Sheriff Luttrell Changes Mind, Will Run for County Mayor



Mark Luttrell
  • Mark Luttrell
What had been a virtually non-stop hot-boxing by local GOP officials and rank-and-file Republicans alike to draft Sheriff Mark Luttrell as a candidate for Shelby County mayor achieved its end Tuesday with an announcement from the sheriff that he, indeed, would run for the office of county mayor this year.
Luttrell’s change of heart and announcement of candidacy was made Tuesday, little more than two weeks before the filing deadline of February 18 for this year’s countywide election. (Party primaries for county offices are on May 4, and the general election will take place on August 5.)

The Flyer has learned that Luttrell’s resistance to running was apparently worn down when he was shown results of a GOP-commissioned poll demonstrating that the two remaining known Democratic candidates for county mayor — interim mayor Joe Ford and Shelby County commissioner Deidre Malone — were vulnerable to a candidate with his credentials.

Bartlett banker Harold Byrd’s withdrawal from consideration last week presented a transformed electoral landscape, and it is onto that landscape that Luttrell, a proven vote-getter across party lines, will tread.

Presented with the news on Tuesday, blogger/activist Tom Guleff, who had announced for county mayor as a Republican candidate last week, would say, “The GOP is really excited with Mark and his entrance into the mayor's race. Back to being Joe Citizen.”

Local GOP chairman Lang Wiseman heralded Luttrell's decision with this press release:

A Major Announcement: Leadership you can trust: Mark Luttrell


Our County faces tremendous challenges -- billions of dollars in debt, an under-educated workforce, lack of trust in public officials, and a sense that our best days are behind us.

Turning all of that around requires solid, trustworthy leadership. It requires someone who can heal our divides, bring honor to our government institutions, govern with fiscally conservative principles, and bring out the best in all of us.

For months now we have been searching for such a candidate, and today he stepped forward to stand in the gap.

Sheriff Mark Luttrell.

Mark has demonstrated unfailing integrity and an ability to earn the trust of a large majority of voters across partisan, racial, and geographic divides. He has kept his promises, including taking a county jail on the cusp of federal takeover and transforming it into a model institution. He was even recognized by his peers as THE best Sheriff in America.

If such a man can accomplish all of those things from the Sheriff's office, just imagine what Mark can accomplish as Mayor in these trying times.

This task won't be easy, and it will require all hands on deck. If you want real change, you will have to stand up and fight for it. So be ready. In the coming months, we will be asking you to organize your precinct, become a dues-paying member, join or start a Republican club, and contact voters to remind them about the election.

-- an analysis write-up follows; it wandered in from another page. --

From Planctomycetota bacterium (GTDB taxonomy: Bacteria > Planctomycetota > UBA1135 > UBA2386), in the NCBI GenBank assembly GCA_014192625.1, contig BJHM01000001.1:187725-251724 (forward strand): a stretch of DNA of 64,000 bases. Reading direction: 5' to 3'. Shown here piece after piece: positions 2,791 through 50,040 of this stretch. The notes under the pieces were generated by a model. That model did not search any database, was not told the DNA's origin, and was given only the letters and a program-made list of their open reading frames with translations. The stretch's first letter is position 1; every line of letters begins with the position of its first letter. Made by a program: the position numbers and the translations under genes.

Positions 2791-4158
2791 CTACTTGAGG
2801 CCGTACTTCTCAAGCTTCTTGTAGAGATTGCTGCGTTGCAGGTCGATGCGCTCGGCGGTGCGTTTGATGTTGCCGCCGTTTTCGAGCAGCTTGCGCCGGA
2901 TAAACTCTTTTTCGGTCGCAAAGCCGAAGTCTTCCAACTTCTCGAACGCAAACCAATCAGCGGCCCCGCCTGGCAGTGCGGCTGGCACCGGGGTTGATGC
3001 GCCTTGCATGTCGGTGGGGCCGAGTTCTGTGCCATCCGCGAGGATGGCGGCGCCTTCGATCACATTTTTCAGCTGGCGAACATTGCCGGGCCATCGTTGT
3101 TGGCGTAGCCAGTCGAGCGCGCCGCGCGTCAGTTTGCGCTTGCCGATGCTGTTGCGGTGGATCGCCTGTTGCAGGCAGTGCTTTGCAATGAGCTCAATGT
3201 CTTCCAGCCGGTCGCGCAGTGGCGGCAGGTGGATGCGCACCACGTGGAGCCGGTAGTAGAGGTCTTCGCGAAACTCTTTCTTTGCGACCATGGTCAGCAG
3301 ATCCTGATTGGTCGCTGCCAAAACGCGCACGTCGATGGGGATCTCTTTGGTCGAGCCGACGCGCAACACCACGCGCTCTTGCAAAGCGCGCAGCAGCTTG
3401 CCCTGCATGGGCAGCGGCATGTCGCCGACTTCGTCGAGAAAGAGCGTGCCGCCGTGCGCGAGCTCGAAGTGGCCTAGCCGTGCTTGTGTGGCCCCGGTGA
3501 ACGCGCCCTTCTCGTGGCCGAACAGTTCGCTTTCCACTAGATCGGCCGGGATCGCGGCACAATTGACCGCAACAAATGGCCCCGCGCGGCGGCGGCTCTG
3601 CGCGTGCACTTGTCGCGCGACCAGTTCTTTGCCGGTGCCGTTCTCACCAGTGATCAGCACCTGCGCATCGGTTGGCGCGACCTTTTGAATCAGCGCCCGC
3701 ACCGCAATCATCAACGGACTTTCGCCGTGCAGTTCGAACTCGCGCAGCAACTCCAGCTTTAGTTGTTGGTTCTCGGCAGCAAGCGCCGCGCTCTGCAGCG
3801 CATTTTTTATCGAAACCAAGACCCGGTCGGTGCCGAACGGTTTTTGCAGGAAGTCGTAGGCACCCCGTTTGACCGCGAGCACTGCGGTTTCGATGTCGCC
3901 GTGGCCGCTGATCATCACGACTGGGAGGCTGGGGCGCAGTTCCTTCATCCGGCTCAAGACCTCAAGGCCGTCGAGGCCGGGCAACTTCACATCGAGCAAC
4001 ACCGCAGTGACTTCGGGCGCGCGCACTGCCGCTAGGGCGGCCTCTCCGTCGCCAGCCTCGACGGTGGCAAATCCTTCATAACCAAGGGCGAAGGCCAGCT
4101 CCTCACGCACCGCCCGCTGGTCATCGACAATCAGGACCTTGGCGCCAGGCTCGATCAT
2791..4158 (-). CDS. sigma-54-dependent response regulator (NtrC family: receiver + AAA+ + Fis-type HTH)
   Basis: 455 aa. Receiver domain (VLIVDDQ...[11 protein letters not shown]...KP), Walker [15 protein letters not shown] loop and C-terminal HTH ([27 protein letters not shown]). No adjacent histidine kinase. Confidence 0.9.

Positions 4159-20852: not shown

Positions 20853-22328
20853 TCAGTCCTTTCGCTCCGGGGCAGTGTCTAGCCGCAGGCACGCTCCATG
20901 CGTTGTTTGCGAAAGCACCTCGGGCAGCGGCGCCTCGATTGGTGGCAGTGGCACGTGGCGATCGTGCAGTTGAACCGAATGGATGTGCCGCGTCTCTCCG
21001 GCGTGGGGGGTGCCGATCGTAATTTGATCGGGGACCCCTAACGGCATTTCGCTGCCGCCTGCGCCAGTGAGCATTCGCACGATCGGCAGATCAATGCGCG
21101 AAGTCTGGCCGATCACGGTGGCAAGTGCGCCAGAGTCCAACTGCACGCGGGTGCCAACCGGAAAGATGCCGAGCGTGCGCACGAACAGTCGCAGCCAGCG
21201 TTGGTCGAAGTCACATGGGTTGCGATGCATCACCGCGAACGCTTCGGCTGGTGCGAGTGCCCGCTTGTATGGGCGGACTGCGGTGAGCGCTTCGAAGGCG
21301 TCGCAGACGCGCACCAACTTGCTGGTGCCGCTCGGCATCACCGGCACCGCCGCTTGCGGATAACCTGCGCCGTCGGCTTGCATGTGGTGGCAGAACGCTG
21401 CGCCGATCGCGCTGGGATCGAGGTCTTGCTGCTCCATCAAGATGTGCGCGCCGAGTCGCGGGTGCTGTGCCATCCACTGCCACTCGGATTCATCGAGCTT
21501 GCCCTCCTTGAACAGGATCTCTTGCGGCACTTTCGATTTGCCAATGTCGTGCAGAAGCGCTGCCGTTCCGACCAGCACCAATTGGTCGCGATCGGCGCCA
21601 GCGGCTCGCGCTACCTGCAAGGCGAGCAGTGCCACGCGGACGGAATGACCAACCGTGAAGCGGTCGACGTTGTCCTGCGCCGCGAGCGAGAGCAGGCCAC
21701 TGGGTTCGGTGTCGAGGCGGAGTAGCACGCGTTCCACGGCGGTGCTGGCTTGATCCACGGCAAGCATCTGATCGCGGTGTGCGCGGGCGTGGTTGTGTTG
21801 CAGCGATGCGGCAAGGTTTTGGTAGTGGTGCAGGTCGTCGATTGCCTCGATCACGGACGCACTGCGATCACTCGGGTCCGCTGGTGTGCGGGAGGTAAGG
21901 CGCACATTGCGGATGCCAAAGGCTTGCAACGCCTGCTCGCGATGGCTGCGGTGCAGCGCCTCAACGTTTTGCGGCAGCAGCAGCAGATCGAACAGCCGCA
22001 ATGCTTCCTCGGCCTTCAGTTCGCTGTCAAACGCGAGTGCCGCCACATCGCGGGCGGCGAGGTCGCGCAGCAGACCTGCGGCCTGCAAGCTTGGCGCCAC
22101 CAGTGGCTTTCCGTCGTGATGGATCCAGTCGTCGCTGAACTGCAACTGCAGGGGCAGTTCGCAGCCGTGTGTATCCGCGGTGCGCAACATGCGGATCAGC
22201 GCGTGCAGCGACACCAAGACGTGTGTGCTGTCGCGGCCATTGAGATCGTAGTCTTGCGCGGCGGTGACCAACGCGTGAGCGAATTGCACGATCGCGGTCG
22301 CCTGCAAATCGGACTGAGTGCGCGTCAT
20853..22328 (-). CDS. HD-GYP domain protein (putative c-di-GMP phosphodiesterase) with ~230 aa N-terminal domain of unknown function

This is our moment – our opportunity to move this community forward – and we couldn't have asked for a better standard-bearer than Mark Luttrell to get the job the done.

UPDATE: In a conversation at a Tuesday afternoon “wine-tasting” reception/fund-raiser for him at Delta Wholesale Liquors, the sheriff explained that “no one factor, but several” inclined him toward running after many months of expressing reluctance.

At his Tuesday reception, Luttrell greets octogenarian Bobby Lanier, an aide to every county mayor since the '70s. - JB
  • JB
  • At his Tuesday reception, Luttrell greets octogenarian Bobby Lanier, an aide to every county mayor since the '70s.

The first two factors he mentioned were “my skill set” and “my poll numbers.” The latter was a reference to a fresh poll showed him this week by Republican boosters. Apparently taken in the wake of withdrawal of Democrat Harold Byrd (“for whom I have great regard”) from consideration as a mayoral candidate, the reassuring numbers and “looking at the candidates out there” convinced him that he a good chance to win.

Acknowledging that fellow Republicans’ non-stop efforts to talk him into running ”was a consideration,” Luttrell insisted, “A major part of my success is that I am not a partisan person,” and that he had worked across racial and partisan lines as sheriff and would do so again as county mayor. The job “doesn’t have the same scope that the city mayor does,” Luttrell said, but it still offered him sufficient additional challenges.

“Eight years ago, the sheriff’s department was a mess,” he said. “The sheriff’s department is no longer a mess.” He indicated that he relished the opportunity to tackle large problems like “poverty, education, public safety, the county debt, and school funding.” Asked if he thought that being mayor offered him a chance to redefine himself after a career largely devoted to incarceration and law enforcement, he answered, “In a sense,” and went on to say, “I’m looking forward to a new test.”

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